NOV 01, 2021 1:00 PM PDT

A Robotic Cat Could Help People with Dementia

WRITTEN BY: Ryan Vingum

Dementia is a debilitating condition. Though not formally classified as a disease, it more appropriately refers to a collection of conditions such as reduced memory and cognition. While dementia is not just a natural result of getting older, there is a higher prevalence of it in older adults. 

Dementia can also cause a range of comorbidities, such as depression and anxiety. Treatment for depression and anxiety can often include antidepressants and other pharmaceuticals that can have a range of side effects. However, evidence is mixed on whether antidepressants can help people with dementia struggling with mental health, usually because dementia causes significant changes to the brain. If someone did not have a pre-existing mental illness, these treatments may not work for them.

Researchers at Florida Atlantic University have developed an unexpected tool that could offer an alternative to medication: a robotic cat.

That’s right, a robotic cat. The research team successfully designed a machine that can very closely mimic the sounds and movements of a real cat. The goal was to develop the machine as a way to provide companionship to people with dementia and potentially improve mood.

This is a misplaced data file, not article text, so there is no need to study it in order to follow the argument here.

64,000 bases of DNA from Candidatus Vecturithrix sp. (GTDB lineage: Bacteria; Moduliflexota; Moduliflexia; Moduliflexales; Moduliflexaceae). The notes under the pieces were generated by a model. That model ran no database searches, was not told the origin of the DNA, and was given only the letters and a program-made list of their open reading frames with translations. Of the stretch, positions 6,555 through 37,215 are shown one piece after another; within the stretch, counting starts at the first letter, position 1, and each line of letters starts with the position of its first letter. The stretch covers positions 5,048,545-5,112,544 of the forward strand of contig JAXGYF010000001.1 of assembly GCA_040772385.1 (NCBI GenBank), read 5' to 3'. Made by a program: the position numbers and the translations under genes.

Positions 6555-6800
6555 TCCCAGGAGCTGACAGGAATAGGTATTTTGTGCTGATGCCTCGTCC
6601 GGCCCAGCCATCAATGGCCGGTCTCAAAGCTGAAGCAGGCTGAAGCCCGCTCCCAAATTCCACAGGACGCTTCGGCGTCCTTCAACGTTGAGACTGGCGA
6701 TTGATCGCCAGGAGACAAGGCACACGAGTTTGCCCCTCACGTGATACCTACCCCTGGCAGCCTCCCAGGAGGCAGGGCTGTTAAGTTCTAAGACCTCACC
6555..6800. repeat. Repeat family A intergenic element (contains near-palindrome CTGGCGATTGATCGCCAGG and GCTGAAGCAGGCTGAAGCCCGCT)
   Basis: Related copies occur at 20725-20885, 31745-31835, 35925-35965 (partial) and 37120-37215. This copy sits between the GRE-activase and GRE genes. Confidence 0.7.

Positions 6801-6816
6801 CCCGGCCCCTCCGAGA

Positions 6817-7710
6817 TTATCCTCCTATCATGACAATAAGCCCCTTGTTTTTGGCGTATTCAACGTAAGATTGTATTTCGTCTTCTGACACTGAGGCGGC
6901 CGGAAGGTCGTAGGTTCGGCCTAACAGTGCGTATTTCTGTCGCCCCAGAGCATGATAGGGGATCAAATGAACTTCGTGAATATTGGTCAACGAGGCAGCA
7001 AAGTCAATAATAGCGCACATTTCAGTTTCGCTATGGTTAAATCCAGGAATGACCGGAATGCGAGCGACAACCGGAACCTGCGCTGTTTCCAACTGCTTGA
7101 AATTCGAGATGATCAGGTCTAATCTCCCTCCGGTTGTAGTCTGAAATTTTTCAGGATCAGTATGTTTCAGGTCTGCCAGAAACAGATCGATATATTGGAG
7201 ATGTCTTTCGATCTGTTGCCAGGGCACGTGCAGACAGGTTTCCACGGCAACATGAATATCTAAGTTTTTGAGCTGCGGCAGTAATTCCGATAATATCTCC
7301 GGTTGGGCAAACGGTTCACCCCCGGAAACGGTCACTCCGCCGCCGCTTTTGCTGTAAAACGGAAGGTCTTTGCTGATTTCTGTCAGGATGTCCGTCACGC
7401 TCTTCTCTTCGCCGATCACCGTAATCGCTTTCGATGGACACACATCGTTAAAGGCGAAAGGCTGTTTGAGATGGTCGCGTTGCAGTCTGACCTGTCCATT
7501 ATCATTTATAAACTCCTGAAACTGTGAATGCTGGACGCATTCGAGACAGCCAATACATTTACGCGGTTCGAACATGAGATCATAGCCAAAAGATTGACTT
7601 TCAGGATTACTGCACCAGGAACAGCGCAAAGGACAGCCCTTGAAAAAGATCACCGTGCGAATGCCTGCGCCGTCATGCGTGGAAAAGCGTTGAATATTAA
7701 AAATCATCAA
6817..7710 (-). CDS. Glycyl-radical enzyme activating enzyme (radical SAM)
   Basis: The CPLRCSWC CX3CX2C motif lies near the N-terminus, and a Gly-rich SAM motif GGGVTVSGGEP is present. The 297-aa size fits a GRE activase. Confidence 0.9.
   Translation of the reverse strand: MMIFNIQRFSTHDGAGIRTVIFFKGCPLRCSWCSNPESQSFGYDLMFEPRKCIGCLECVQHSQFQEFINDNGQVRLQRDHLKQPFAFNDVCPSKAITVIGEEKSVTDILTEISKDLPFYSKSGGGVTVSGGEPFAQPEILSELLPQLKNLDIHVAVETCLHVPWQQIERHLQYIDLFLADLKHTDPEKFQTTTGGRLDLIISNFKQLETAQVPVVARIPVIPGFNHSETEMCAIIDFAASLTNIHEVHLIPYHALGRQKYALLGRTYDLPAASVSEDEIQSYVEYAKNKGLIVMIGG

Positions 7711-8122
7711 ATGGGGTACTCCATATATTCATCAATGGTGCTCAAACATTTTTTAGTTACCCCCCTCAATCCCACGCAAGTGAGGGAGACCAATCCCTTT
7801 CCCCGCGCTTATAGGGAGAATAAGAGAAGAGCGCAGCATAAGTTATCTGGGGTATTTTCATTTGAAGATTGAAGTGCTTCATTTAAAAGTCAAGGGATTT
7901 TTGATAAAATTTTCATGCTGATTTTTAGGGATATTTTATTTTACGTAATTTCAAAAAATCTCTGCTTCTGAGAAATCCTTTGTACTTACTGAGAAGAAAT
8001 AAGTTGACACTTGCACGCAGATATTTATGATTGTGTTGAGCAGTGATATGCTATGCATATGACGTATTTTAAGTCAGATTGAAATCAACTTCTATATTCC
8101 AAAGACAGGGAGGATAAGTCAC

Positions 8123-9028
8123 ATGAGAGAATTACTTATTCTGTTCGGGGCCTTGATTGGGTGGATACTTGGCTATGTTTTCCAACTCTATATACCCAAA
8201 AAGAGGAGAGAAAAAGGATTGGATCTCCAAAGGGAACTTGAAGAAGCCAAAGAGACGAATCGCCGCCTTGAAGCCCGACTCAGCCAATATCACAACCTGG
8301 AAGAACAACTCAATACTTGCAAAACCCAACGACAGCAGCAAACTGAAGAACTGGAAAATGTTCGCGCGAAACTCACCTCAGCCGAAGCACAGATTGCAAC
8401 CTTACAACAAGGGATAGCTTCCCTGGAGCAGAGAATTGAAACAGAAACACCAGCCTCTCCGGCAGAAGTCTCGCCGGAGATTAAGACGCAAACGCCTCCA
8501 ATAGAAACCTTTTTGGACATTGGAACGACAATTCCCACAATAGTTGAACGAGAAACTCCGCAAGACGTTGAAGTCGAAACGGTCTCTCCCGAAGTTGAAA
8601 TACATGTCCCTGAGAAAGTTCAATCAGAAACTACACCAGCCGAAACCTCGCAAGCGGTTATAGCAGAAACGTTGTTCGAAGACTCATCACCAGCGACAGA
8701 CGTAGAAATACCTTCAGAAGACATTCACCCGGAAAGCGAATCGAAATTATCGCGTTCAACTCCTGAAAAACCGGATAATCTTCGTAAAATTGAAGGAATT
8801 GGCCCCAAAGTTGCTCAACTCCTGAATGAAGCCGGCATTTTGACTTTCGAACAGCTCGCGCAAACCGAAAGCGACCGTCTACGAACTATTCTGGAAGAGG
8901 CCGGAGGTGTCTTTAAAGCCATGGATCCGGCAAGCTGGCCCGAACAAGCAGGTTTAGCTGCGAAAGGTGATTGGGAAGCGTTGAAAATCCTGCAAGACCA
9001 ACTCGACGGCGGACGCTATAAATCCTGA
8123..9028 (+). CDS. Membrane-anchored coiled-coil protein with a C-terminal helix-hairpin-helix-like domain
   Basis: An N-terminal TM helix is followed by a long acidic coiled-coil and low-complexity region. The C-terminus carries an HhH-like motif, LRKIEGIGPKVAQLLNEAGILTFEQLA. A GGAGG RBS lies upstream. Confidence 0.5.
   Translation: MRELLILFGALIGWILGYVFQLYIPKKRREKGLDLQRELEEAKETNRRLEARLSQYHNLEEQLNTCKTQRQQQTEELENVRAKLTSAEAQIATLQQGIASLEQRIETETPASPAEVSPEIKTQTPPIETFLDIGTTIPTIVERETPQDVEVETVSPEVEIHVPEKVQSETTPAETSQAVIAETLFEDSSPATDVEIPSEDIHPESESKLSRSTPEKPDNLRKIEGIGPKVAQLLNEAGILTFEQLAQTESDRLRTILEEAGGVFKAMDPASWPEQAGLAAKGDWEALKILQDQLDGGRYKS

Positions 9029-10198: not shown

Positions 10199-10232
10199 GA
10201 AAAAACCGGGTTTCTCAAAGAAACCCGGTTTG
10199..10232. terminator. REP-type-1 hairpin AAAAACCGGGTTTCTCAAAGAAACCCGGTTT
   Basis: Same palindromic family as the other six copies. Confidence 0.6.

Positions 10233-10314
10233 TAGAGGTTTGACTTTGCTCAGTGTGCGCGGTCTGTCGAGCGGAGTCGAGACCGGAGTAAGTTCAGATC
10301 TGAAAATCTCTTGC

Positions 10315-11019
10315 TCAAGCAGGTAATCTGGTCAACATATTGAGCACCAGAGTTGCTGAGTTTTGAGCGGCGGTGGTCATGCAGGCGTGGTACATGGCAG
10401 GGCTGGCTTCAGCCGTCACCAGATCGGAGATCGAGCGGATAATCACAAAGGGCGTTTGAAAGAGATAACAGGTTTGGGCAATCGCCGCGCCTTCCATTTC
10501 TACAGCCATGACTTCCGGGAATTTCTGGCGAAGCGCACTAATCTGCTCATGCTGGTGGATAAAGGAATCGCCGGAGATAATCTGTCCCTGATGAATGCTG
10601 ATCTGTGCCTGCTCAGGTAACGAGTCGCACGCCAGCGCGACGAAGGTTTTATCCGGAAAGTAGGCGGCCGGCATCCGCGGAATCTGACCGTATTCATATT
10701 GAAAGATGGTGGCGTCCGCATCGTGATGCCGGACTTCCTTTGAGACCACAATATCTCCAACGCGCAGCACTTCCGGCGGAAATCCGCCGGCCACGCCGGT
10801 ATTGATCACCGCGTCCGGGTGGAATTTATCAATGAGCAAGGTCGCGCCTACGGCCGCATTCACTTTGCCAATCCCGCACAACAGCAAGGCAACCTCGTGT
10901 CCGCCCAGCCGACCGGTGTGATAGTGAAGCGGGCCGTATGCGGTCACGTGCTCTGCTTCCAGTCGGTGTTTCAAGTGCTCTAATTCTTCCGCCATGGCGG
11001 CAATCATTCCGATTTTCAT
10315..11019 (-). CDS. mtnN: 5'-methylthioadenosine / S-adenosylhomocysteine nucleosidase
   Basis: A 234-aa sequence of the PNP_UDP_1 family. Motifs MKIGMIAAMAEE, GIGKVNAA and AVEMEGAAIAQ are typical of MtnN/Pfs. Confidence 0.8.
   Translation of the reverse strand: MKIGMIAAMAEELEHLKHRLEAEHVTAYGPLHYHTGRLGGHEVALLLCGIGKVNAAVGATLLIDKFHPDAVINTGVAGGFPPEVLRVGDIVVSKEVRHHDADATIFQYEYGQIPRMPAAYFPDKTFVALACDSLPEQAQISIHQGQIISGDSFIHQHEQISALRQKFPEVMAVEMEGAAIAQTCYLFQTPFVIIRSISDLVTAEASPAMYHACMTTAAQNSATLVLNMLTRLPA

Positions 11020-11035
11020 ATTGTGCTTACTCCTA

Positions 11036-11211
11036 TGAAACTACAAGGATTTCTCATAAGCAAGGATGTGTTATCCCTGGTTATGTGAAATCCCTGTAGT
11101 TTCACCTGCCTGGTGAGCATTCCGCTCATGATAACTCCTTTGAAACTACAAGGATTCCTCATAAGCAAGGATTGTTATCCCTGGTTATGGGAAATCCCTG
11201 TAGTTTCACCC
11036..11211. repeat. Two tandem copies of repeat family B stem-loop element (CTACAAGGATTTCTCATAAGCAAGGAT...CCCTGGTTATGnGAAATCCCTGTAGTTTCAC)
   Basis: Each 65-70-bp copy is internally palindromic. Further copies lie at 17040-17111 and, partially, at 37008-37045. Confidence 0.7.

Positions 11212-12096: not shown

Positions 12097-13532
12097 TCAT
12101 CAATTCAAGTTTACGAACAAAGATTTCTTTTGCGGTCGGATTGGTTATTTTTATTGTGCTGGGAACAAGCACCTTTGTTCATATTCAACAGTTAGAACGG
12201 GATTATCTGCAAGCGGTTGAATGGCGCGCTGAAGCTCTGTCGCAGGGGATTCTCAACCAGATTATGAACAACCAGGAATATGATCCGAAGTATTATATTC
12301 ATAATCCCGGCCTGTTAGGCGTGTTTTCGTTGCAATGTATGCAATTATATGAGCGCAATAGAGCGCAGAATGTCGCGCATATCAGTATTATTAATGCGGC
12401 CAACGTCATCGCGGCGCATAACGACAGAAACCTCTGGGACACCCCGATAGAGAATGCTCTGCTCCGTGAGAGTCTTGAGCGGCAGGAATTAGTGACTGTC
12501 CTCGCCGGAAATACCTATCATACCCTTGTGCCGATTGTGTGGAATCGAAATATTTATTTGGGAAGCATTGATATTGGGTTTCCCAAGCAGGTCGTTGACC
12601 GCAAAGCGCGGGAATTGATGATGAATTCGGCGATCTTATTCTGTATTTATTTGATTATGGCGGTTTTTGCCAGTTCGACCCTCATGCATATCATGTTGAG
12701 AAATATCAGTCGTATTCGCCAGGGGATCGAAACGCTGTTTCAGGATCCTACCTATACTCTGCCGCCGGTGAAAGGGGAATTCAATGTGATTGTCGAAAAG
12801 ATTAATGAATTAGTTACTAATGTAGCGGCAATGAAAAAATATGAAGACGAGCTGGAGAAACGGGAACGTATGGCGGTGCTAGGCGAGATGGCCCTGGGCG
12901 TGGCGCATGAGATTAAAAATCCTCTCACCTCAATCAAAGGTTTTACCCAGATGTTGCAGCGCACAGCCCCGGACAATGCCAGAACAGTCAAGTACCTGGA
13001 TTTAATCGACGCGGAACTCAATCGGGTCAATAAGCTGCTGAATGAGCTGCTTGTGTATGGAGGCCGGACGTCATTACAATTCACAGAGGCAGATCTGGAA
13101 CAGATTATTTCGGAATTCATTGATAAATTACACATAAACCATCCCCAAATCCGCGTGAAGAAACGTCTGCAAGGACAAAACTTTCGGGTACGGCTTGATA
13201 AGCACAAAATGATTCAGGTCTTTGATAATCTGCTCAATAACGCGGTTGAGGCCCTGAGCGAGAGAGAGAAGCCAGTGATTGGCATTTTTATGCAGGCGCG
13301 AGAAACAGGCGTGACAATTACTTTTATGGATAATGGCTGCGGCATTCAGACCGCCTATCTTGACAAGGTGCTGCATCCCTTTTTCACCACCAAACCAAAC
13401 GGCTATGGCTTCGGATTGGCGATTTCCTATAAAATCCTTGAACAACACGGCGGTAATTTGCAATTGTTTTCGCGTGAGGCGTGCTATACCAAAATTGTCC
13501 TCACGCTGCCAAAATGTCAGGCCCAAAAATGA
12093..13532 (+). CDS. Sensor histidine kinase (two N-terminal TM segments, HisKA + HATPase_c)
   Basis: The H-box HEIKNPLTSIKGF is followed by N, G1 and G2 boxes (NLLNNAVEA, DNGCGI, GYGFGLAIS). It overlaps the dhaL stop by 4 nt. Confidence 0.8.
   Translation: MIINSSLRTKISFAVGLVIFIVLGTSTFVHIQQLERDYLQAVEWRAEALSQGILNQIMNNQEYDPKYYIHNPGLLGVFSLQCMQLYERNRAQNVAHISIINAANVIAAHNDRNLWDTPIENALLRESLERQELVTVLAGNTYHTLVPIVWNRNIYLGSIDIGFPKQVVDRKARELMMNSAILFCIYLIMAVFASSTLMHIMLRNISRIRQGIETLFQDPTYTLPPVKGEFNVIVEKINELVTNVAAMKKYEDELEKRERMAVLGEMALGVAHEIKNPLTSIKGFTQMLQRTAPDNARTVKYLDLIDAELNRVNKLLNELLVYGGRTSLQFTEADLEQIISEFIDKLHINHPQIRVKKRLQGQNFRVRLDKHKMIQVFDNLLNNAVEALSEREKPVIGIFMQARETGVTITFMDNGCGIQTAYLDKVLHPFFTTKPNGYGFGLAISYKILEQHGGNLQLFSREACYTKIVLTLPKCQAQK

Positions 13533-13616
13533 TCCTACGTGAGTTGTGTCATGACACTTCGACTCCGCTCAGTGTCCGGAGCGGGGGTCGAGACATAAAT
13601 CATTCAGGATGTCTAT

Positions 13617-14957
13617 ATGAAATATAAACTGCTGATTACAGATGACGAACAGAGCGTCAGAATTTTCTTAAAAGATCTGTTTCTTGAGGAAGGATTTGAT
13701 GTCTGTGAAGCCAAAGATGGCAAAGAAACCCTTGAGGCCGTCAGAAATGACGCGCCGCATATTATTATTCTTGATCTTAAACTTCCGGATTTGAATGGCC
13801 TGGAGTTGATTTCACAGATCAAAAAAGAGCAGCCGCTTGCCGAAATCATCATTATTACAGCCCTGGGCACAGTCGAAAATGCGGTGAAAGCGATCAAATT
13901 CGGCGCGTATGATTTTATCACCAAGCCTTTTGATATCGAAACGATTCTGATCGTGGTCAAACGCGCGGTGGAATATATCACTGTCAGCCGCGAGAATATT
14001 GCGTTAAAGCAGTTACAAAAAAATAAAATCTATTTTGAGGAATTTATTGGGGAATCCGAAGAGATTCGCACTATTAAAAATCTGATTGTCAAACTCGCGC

The theoretical premise behind using a robotic cat is grounded in pet therapy, where certain animals (often dogs or cats) are used for therapeutic benefit. For example, pet therapy can be a helpful tool for people struggling with anxiety, those receiving long-term care, or children receiving complex or scary procedures. However, researchers noted that live animals come with higher responsibility and upkeep, something that people with dementia may not be able to handle. A robotic animal that can simulate many of the same things a real animal can do could offer a more manageable option. 

Researchers followed 12 individuals with mild-moderate dementia who were given a robotic cat to interact with over the course of 12 days. Metrics, such as the Mini Mental State Examination (MMSE) were used to gauge overall mood and behavior among participants. Researchers found that scores generally increased on the MMSE while participants had their robotic cat, highlighting the robotic therapeutic’s ability to improve mood and promote positive emotions. Findings were published in Issues in Mental Health Nursing.

Sources: Medgadget; American Journal of Geriatric Psychiatry; Issues in Mental Health Nursing

About the Author
  • Science writer and editor, with a focus on simplifying complex information about health, medicine, technology, and clinical drug development for a general audience.
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